Saturday, May 20, 2017

When the Locals Are Afraid of You, or Thoughts on Tucker and Dale vs. Evil

Tucker and Dale vs. Evil (2010) takes the back woods/Deliverance/Wrong Turn paranoia and flips it in a clever paradigm shift that plays with movie stereotypes and horror clich├ęs.  Tucker and Dale, two simple-minded country boys in West Virginia buy a cabin in the woods that looks like it would fit in a Sam Raimi movie to you and me, but it’s their dream vacation home.  After rescuing a cute coed from drowning in the lake, which her friends witness and naturally leap to the conclusion that she’s been kidnapped, (this is a horror movie, after all), the movie becomes a fight to the death between city folk and country folk, or college kids vs. hicks.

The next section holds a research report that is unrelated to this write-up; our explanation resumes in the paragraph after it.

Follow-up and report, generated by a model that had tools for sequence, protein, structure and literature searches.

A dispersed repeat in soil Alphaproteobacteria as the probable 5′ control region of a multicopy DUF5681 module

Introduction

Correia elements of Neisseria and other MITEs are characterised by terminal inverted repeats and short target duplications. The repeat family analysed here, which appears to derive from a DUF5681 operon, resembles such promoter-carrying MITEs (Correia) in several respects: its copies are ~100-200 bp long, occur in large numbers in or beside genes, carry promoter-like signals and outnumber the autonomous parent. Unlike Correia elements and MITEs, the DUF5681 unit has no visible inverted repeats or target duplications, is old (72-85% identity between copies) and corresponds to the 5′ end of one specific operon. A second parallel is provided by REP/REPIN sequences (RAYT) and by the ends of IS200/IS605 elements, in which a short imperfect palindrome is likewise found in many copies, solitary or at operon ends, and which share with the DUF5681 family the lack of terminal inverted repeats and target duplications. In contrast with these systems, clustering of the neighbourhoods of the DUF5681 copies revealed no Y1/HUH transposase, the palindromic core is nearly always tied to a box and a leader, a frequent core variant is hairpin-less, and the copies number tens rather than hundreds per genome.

There’s a series of misunderstandings that could happen to anyone, including accidental impalements, accidentally leaping into a wood chipper, and Tucker accidentally chain sawing a beehive and then running away from the bees waving a chainsaw.  Each murder (technically manslaughter) escalates the conflict, while Tucker still manages to tentatively romance Allison, the cute coed he managed to save.
Written and directed by Eli Craig, Sally Field’s son (you remember Sally Field; Gidget, The Singing Nun, Smokey and the Bandit, Mrs. Doubtfire) and featuring Alan Tudyk as Tucker, and Canadian actor Tyler Labine as Dale, the kind-hearted hillbilly who wouldn’t hurt a fish.  Allison is portrayed by Katrina Bowden from 30 Rock, Piranha 3DD (2012) and Nurse 3D (2013).

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